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"Where Are They Now?" Featuring Aurora Shimshak

In this series, we're catching up with some of the UNCW/WHQR past Graduate Fellows.

Next up is Aurora Shimshak, who was the Operations Fellow from 2015-2016.

What is your job title and role now?

I work at the University of Wisconsin Press as a customer service and business development specialist. It's not as glamorous as public radio.

What was your position at WHQR and how long were you here?

I was the Operations Fellow. From July 2015 to July 2016, I was the voice saying, "It's 3:00. Stay tuned for Fresh Air."

What school were you in and what was your degree?

I studied creative writing at UNCW and earned an MFA with a specialization in nonfiction.

What do you remember most about your time at HQR?

Oh my goodness, I couldn't pick a single memory. Each person who worked at the station was a character. You couldn't find a more fun-loving bunch of folks. I loved the theatrics and passion of the classical music hosts, Bob Workman, Pat Marriott, and Gina Gambony. I soaked in the warmth and humor of Lan Nichols, George Scheibner, and Ken Campbell. Barbara Bush's straightforward wit made me laugh every time I talked to her. Jeff and Kate put me at ease with their friendly and down-to-earth conversation. Rachel Lewis Hilburn impressed me with her empathetic interviewing and her calm. And Mary Bradley's two little girls were adorable guests at the station. (They are no doubt grown up with college degrees by now.)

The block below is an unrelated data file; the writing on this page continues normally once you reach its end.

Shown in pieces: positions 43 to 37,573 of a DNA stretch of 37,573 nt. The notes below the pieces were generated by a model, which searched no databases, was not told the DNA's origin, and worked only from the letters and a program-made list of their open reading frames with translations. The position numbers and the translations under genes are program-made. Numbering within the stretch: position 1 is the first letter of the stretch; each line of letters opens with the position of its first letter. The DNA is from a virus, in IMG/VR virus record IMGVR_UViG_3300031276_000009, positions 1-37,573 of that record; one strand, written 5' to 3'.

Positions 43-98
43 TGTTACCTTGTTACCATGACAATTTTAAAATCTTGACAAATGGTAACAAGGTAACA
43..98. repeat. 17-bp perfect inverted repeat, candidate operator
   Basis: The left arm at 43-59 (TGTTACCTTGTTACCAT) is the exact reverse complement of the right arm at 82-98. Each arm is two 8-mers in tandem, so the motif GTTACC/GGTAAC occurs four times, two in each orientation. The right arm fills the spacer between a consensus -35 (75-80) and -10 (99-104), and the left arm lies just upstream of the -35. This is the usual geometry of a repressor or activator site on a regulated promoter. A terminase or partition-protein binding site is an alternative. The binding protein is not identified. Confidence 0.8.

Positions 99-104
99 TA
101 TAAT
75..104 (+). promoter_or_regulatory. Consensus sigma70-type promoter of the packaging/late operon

My favorite part of my job was recording commentaries. Each week, I'd get to listen to what had been on a thoughtful, observant Wilmingtonian's mind.

Any funny or exceptional memory or experience you can share?

The station was a place of unexpected connections. Once I answered the phone and it was my favorite radio host from Wisconsin, Anne Strainchamps, calling to nail down a remote recording session. Another time, I got to see my next door neighbor, a blue's musician, perform at Soup to Nuts. He was fantastic!

How did your fellowship impact your future and where you are now?

My fellowship spoiled me for all future employment. Any chance WHQR will take me back? In all seriousness, I came to WHQR without an ounce of radio experience. I left knowing that, if motivated, it was possible to jump into a brand new field. I also learned about voice: how to use it to express authority, friendliness, and calm. I'm hoping that knowledge of voice will help me when I get to go on book tour.

Anything else you'd like to add?

With some distance, I realize how lucky Wilmington is to have WHQR. The station is a community hub — a spreader of fun, deep learning, art, and information. I miss you.

To catch up with other past WHQR/UNCW Graduate Fellows, click here.